• Diversity, equity, and inclusion are not yet effectively interwoven as expectations within the University’s operational culture. This value should be reflected as a way of doing business, not empty catchphrases. (Challenge 7)
  • Despite a long history of diversity planning, diversity, equity, and inclusion have not been universally integrated into the fabric of the institution. Many feel that diversity is not honored or celebrated and that we still live in a University with bias and lack of acceptance. (Challenge 2)
  • Statements such as President Barron’s Diversity and Demographics imperative, which supports the imperatives presented in A Framework to Foster Diversity at Penn State: 2010­–15, help to articulate the importance of diversity, equity, and inclusion to the University.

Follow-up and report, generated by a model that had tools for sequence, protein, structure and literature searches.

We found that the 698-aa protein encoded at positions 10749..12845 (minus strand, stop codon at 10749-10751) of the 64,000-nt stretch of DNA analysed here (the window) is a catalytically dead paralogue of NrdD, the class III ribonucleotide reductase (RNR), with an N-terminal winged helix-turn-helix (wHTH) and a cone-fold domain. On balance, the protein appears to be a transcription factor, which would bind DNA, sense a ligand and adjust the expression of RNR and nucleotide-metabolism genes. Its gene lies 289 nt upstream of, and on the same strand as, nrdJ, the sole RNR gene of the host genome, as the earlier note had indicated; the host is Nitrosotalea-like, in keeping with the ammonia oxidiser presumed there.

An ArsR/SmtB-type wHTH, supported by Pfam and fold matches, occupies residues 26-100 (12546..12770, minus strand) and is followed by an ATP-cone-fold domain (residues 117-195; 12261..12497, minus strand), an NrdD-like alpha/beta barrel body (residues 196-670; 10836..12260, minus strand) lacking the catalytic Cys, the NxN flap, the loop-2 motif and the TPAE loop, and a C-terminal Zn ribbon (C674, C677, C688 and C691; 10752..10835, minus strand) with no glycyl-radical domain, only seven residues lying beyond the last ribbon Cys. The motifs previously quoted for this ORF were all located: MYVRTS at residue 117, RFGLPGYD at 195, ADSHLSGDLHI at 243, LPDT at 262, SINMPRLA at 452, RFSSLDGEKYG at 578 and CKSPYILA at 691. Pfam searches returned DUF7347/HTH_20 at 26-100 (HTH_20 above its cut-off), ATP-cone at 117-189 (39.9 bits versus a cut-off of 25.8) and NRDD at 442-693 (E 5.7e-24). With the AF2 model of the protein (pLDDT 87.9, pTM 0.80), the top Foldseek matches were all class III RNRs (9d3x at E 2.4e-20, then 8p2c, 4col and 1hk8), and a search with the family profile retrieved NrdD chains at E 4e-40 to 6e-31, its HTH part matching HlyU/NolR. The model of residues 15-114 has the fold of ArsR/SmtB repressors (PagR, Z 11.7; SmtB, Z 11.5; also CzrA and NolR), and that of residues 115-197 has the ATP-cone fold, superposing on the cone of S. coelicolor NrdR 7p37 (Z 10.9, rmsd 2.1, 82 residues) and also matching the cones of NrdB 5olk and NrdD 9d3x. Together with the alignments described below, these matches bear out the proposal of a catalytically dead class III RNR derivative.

• Diversity, equity, and inclusion are not explicit in the University’s mission, vision, and values, and are not a universally recognized expectation in what it means to be a member of the Penn State community.
  • There is not a common understanding of diversity across Penn State. (Challenge 1)
  • Best practices could be better leveraged.
  • We have made and sustained progress in recruiting and retaining a diverse undergraduate student body. (Challenge 3)
  • Shared responsibility and accountability are effective.
  • Staff are often missing from diversity initiatives. (Challenge 4)
  • We have made little gains in recruiting and retaining a diverse workforce (Challenge 4) and leadership and management (Challenge 6). Without purposefully seeking to enhance the diversity profile and having higher level accountability, good intentions have not been enough to address these Challenges. Training and coaching has the potential to enhance the increase in diverse faculty.
  • Review of the general education curriculum presents opportunity to strengthen curricular integration of meaningful US diversity understandings. (Challenge 5)
  • Active, visible leadership is necessary in setting expectations regarding diversity goals.